As is the norm in our Republic, when something outrageous happens, it is condemned only by whispers in cliques and in the chambers and domes of elites, except for a few brave souls who speak out.
And so it was with last week’s front page banner headline, “I am not a lesbian.” The grossness of it surpassed much of what repels many during the Carnival season, in the midst of which the headline appeared.
In this case, the closet whispers must have been immediate and loud because the newspaper delivered an editorial the day after the offending headline, skilfully trying to contain the damage.
Many of us were not fooled. The editorial ran as far away from the headline as a child runs screaming when a blue devil approaches. Despite the spin of the editorial, a beg pardon to the President-elect was necessary but none was forthcoming.
Also thanks to some forthright commentary, it is now acknowledged that formerly significant offerings of Carnival product have declined in quality but have been kept out of liquidation by policy-incoherent taxpayer subsidy.
Happily, as I pointed out last week, as a result of mainly youthful grapes of entrepreneurship, the Carnival product is evolving out of the regulatory chaos that has enveloped it.
Those who did not sneer when Trinidad All Stars—in which I have been a proud sailor—won Band of the Year and also those of us who did not dismiss the Socadrome as a threat now have the pleasure of observing the growing discussion about the evolution of the performing arts culture. This evolution looks set to embrace the old while ringing in the new.
I am confident that through this evolution we can regain the acclaim of ‘the Greatest Show on Earth’—provided, of course, the promotional agencies of the State adjust their insatiable desire for control and cease the accommodation of political satellites not acting in the best interest of the festival.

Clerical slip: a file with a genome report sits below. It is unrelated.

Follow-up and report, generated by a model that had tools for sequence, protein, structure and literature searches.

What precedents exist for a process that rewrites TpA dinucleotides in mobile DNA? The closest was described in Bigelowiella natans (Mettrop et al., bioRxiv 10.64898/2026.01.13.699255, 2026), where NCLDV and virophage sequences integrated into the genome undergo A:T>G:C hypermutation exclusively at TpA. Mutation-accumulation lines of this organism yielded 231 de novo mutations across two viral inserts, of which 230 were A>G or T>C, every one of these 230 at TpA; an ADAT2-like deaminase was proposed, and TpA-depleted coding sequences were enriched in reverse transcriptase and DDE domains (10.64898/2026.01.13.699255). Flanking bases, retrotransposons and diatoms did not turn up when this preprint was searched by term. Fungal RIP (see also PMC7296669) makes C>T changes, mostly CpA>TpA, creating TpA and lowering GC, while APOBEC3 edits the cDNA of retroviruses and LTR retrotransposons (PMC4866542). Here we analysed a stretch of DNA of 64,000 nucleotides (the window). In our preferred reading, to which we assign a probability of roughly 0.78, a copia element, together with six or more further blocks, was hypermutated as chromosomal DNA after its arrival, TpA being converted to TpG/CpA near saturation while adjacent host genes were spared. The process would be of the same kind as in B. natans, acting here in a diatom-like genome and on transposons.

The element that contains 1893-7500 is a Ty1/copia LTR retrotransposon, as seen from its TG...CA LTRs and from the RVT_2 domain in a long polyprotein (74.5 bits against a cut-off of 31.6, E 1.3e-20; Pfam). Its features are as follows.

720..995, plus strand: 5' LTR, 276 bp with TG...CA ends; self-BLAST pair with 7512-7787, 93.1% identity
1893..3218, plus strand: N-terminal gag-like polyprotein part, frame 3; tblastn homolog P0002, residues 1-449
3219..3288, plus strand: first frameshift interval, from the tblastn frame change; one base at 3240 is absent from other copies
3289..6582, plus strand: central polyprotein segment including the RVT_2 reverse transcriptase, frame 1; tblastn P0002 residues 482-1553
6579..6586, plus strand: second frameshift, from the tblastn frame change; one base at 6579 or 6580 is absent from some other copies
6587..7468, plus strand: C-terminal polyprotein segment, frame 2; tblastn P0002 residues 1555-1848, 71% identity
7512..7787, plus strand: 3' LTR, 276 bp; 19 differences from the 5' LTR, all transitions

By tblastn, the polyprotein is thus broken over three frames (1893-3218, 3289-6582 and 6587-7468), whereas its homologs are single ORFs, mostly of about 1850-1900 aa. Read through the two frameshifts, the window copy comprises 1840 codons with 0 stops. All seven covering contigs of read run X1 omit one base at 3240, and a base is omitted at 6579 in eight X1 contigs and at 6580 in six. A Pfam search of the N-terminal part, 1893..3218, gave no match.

Two of the best examples of the evolution are 3Canal’s productions and Machel Monday. These events have moved to embrace all aspects of Carnival and are not one-band shows in which other performers are not allowed to shine.
In that connection, some readers may have read the detailed description of Machel Monday in the Express newspaper last Wednesday. It was reported that several rival soca stars shared the stage, ushered in and acknowledged by Montano, who is said to have introduced Aaron “Voice” St Louis, The Year for Love man, “to the loudest cheer of the night.”
I doubt that these introductions were made merely out of benevolence, as was claimed. Economic survival, as much as benevolence, dictates that the popular artistes of the season support each other and combine in the presentation of some high-quality events, at which a variety of acts are showcased at the same event.
On the ground, the steelband movement has long ago abandoned rivalry. Rival steel orchestras routinely guest perform in each other’s yards. I also heard recently of a boat cruise in which rival supporters join—some time ahead of the big night of the Panorama Final—for the purpose of “prepping their bands.”
Even more socially cohesive potential lies within the Junior Panorama. This is now my favourite Carnival event. Parents from all walks of life accompany their children who play in the various bands and there is an Intercol-type atmosphere, within which there is common purpose shared across traditional lines of class, creed and race. It is even suggested that there are junior bands that can contest successfully against some senior bands.
We can build on this during the rest of the year. The so-called prestige schools should move to invite their wrongly maligned less-prestige-school colleagues in pan to exchange performance visits in each other’s schools.
Children and parents alike will discover that the discord Mr Divider spreads among them—in order to seduce them into the tribal voting valleys—is not as real or as enduring as they are led to believe.
Let’s all tell Mr Divider, “Rock back. What we fighting for?”